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Wednesday, May 25, 2022

The Freemasons of TikTok


by Christopher Hodapp

UPDATED May 28, 5:00AM: This story has been corrected. I mistakenly said that Tyler McKenzie is from Texas. He is actually a Mason in New Mexico.

Interesting article this week on the Input Magazine site about Freemasons using TikTok to counter hysterical conspiracy theories and other misinformation about the fraternity. The article "TikTok’s Freemasons are battling the haters and conspiracy theorists" by Jessica Lucas highlights Brothers Tyler McKenzie from New Mexico ("@harp.o.crates"), Zak Wyatt from Texas ("@brotherfluffmm"), and Aidan Mattis from Pennsylvania ("@theaidenmattis"). 

If you're over the age of 40, you've probably only heard of TikTok's reputation as a social media phenomenon favored by teenaged girls, dance party ravers, and Chinese intelligence services, along with its perpetuation of stunts, tricks, giggly kids making goofy faces, and viral "challenges" ("Take the Best Braless TikTok Girlz Dance Challenge!" or "Does This Make My Butt Look Big? Challenge"). Indeed, their most recent demographics show that 41% of all users are between 16 and 24. Appealing to short attention spans through brevity is the name of the game on nearly all social media these days: think of Twitter's original 64 character limit or the rise of the text message acronym 'TL;DR' ("Too Long; Didn't Read" - I get a lot of those reactions to my posts). Instead of typing out messages, TikTok is all video-based, and users create short video snippets between 15 seconds (!) and 10 minutes long.

We used to call that "Short Attention Span Theatre."

Deride it if you like, but TikTok has over 100 million regular users in the U.S. alone, and another 23 million in the U.K. And in what is inevitably the next step in attention deficit communication, the use of TikTok videos to replace written employment resum├ęs for job seekers is beginning to gather momentum (which will of course lead to HR managers' making snap visceral reactions: "Ugh! Lookit that guy's SHIRT! Gross! Don't hire HIM!").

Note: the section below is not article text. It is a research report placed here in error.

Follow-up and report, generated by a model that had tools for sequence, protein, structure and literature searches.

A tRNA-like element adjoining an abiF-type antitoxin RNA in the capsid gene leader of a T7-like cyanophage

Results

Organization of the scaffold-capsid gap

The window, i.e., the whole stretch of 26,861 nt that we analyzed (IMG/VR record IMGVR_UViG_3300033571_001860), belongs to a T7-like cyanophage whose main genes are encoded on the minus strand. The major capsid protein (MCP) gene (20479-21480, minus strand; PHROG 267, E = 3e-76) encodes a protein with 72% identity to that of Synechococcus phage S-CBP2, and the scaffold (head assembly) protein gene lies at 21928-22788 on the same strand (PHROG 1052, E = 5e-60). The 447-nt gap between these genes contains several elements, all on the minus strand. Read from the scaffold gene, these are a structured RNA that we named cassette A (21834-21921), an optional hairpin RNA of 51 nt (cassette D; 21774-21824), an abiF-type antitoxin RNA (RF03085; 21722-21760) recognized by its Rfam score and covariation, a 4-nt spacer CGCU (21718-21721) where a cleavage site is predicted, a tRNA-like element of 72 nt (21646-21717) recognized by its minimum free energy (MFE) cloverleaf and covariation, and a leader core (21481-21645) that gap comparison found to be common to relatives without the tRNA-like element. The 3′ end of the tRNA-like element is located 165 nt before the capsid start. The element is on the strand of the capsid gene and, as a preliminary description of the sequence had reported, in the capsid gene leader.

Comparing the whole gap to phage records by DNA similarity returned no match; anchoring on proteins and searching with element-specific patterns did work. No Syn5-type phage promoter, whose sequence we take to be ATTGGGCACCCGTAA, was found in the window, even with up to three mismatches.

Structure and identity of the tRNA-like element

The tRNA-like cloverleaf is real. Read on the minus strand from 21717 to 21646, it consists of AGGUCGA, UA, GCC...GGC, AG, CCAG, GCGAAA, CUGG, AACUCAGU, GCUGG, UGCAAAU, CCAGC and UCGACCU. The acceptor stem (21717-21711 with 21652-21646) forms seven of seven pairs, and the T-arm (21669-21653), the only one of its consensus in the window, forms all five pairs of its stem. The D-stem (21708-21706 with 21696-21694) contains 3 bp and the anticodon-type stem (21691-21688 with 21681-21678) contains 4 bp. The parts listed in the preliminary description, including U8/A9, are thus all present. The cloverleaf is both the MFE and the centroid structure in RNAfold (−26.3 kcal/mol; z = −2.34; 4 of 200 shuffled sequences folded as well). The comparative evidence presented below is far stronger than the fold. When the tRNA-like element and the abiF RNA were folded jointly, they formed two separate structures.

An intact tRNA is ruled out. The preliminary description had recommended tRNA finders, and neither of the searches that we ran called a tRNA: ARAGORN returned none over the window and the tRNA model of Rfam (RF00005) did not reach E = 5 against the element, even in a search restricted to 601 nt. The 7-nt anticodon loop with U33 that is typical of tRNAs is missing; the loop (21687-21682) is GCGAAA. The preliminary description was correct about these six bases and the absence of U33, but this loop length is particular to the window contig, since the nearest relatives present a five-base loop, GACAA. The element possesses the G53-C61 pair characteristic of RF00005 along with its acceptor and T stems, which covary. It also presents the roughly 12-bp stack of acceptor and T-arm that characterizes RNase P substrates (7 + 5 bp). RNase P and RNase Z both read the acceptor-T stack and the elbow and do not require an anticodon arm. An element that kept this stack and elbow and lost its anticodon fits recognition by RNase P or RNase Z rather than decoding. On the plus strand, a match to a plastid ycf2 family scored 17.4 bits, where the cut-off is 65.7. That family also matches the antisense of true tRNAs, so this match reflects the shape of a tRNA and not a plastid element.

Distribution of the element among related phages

Anyhow, the brethren cited in the article are TikTok warriors fighting the enormous pile of anti-Masonic screeds that appear on the service day in and day out.
“There’s so much negativity about Freemasonry, and conspiracists on TikTok are nonstop. I figured if we’re going to be on here to teach about Freemasonry, we need to be as calm and correct as possible,” says McKenzie. . .
[snip]
Ultimately, TikTok Freemasons stand steadfastly behind their organization of choice — and think their videos are changing things for the better. “There’s always going to be the negative person. The troll. The hater. But I honestly think we’ve overcome it now,” says McKenzie. “If you went on TikTok a year ago and you typed in Freemasonry, you would find nothing but conspiracy theories.

“But now, you’ll find this fuzzy face and a whole bunch of other brothers that are ready and willing to give you light, truth, and knowledge,” says the impressively bearded McKenzie. “It’s brought so many to Masonry, and I think that it’s going to help us grow.”
These brethren have a big job to counteract the anti-Masonic stuff that litters TikTok. For every one of their positive messages there are dozens of the "Lookit all the sooper secret Illuminati Mason symbols hiding in plain sight!" imbeciles.


Meanwhile, from the Stray Ferret website in Britain:

In an effort to bring the fraternity into the modern era and attract younger members, Freemasons in Yorkshire are attempting to become TikTok famous.

The Province of Yorkshire West Riding has posted two videos on its new account – @wrfreemasons – including a take on the staircase scene from Titanic, set to Celine Dion’s My Heart Will Go On. CLICK HERE.


UPDATE:
When I circulated this story on Facebook, Zackery Wyatt provided the following figures about a video post: 
"Almost 2,500 viewers tonight, and at least 50 men asked how to find a lodge. Will they petition? Maybe, maybe not, but the first step was definitely made."
Pretty impressive reach for a single post in a very short time.

2 comments:

  1. I am Zak Wyatt aka BrotherFluffMM on tiktok, thank you for sharing this. We are simply trying to connect the dots for good men to find their place. From what we have experienced there are very good men found on social media!

    ReplyDelete
  2. Hilarious idea, and I bet quite effective! Perhaps they can employ "Masonic Twerking Tools." --- Bro. Peter Paul Fuchs

    ReplyDelete

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